In spite of these correlations, biomedical studies have largely measured mother’s health-seeking behavior on factors related to biomedical care, such as formal education, distance to provider, and cost of obtaining care . This literature overlooks if and what role local concepts of illness have in treatment choices and results in the loss of incorporating this information into infant health programs . Local concepts of illness include not only local names, perceptions, and symptoms of biomedical illnesses, but also cultural bound syndromes, “a group of folk illnesses, each of which is unique to a particular group of people, cultural, or geographical area” . Some scholars have cautioned that the “cultural” component of the term cultural bound syndromes emphasizes the biomedical perspective that biological illnesses are more objective than folk illnesses . We use the term in order to designate those illnesses not generally defined and recognized in biomedicine.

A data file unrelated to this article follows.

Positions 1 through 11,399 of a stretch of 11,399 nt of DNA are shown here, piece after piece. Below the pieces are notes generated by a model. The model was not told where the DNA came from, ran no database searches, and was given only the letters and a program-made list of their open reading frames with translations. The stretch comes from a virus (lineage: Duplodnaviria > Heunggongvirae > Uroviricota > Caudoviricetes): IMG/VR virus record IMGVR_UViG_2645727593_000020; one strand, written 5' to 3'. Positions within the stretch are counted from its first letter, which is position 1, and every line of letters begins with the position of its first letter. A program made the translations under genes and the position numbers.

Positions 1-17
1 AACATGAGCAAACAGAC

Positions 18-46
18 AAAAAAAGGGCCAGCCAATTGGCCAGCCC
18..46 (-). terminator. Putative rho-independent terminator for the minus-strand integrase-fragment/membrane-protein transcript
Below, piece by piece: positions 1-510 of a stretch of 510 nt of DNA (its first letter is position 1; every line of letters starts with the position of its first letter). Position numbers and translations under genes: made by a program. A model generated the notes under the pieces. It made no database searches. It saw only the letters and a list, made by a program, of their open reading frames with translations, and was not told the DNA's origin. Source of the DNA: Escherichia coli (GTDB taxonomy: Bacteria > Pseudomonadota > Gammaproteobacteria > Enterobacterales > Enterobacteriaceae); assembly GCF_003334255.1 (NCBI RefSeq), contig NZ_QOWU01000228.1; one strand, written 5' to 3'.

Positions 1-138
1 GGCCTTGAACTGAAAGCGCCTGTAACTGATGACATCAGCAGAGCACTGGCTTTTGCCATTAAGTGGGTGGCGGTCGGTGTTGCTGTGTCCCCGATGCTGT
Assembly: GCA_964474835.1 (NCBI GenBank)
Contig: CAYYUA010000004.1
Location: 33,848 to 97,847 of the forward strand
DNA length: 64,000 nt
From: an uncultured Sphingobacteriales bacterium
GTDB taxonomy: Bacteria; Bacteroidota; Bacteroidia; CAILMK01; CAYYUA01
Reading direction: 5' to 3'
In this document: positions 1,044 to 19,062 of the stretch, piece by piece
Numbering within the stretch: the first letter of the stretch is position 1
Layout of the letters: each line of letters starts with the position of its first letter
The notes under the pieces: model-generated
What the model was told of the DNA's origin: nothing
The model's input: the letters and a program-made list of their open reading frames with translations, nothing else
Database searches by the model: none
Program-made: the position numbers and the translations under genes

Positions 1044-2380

Understanding local perspectives of the treatment of major children’s illnesses identified by the WHO , such as malaria ,  and diarrhea , , as well as the treatment of children’s folk illnesses , , is essential to having a comprehensive understanding of childcare in Africa. In this study, we assessed how mothers make healthcare decisions by identifying which infant illnesses mothers in Western Africa treat with medicinal plants and for which illnesses they seek biomedical care or consult traditional healers. We worked in Bénin and Gabon, two African countries with diverse populations, vegetation types, cultures, and levels of human development. Our research was based on the following research questions: Which children’s illnesses do Beninese and Gabonese mothers treat with medicinal plants? What are the major children’s folk illnesses in each country? For which ailments do mothers seek treatment from biomedical doctors? Which illnesses do mothers prefer to be treated by traditional healers?